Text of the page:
Risk & Compliance

Linde, Praxair Push Forward After Regulators Ask For Divestments

The companies could technically withdraw from the deal without penalty, but say they remain in "constructive dialogue."
William SprouseAugust 22, 2018
Linde, Praxair Push Forward After Regulators Ask For Divestments

Gas producers Linde AG and Praxair are still working to complete a proposed $83 billion merger, the companies said, after regulators asked them to divest more assets than previously anticipated.

“Linde and Praxair remain in constructive dialogue with each other and the regulators on how to satisfy their requirements,” a spokesperson said.

A Better Way to Do Ecommerce

A Better Way to Do Ecommerce

Learn how Precision Medical leveraged OneWorld to cut the cost of billing in half and added $2.5M in annual revenue.

Linde and Praxair, which is based in the U.S., reached an agreement on an all-share merger in principle in December 2016. At the time, they agreed that if antitrust regulators demanded the disposal of businesses with more than 3.7 billion euros ($4.3 billion) in sales, or 1.1 billion euros ($1.27 billion) in earnings before interest, taxes, depreciation and amortization (EBITDA), either party could withdraw from the deal without penalty.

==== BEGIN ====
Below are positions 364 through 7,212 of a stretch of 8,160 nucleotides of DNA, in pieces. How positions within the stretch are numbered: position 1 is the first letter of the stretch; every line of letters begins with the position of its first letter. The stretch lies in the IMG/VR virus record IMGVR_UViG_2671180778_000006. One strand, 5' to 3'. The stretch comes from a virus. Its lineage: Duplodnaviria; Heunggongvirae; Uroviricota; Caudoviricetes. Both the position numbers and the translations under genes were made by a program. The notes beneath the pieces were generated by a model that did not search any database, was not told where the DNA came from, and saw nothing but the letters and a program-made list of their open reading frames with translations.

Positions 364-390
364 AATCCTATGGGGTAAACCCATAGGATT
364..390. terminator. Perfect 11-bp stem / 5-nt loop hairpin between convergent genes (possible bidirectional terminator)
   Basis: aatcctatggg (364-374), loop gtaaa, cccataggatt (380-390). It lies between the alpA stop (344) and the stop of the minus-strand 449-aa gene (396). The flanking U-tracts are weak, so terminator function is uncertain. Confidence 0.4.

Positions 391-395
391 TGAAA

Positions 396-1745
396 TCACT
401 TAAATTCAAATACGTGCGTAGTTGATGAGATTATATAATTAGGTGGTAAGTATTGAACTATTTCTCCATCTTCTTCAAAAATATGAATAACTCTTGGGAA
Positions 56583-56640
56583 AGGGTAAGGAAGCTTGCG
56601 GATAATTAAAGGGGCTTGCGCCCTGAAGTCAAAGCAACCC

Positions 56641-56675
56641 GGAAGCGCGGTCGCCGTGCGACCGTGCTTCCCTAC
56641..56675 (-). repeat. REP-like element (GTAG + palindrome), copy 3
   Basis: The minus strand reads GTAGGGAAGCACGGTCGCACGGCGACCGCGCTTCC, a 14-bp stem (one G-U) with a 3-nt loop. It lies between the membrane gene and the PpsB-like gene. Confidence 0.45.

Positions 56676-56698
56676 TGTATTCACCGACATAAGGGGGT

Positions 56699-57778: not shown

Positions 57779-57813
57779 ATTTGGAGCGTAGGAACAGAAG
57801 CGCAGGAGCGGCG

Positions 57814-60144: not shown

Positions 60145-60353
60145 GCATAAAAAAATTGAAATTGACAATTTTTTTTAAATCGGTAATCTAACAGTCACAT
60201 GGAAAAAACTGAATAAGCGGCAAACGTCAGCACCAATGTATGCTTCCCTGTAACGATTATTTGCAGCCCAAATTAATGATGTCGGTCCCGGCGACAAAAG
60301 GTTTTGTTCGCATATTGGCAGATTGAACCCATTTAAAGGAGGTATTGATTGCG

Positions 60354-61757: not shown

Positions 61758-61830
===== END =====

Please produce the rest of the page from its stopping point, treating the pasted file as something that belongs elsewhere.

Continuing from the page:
On Wednesday, Linde said it expected the revenue threshold for divestment commitments to be exceeded, allowing both parties to pull out of the deal.

“The fact that they remain in constructive talks signals to us that there is still readiness on both sides to stay the course,” Commerzbank analyst Michael Schaefer told Reuters. Schaefer said he expected Linde and Praxair to seek to address the demands of the U.S. Federal Trade Commission.

The European Commission, on Monday, announced it had approved the proposed merger between Praxair and Linde “conditional on the divestiture of an extensive remedy package.”

“Gases — like oxygen and helium — are crucial inputs for a large variety of products we need and use in our everyday life,” Commissioner Margrethe Vestager, who is in charge of competition policy, said.

“There are very few companies in the world capable of supplying all these gases. With this decision, we make sure that the merger of Praxair and Linde will not result in further concentration in Europe and that customers will continue to benefit from competition in these markets.”

“While surpassing the threshold does not necessarily mean that the merger will fail, it certainly makes life more difficult for management,” Heiko Feber, an analyst at Bankhaus Lampe, told IndustryWeek.

Photo: Getty Images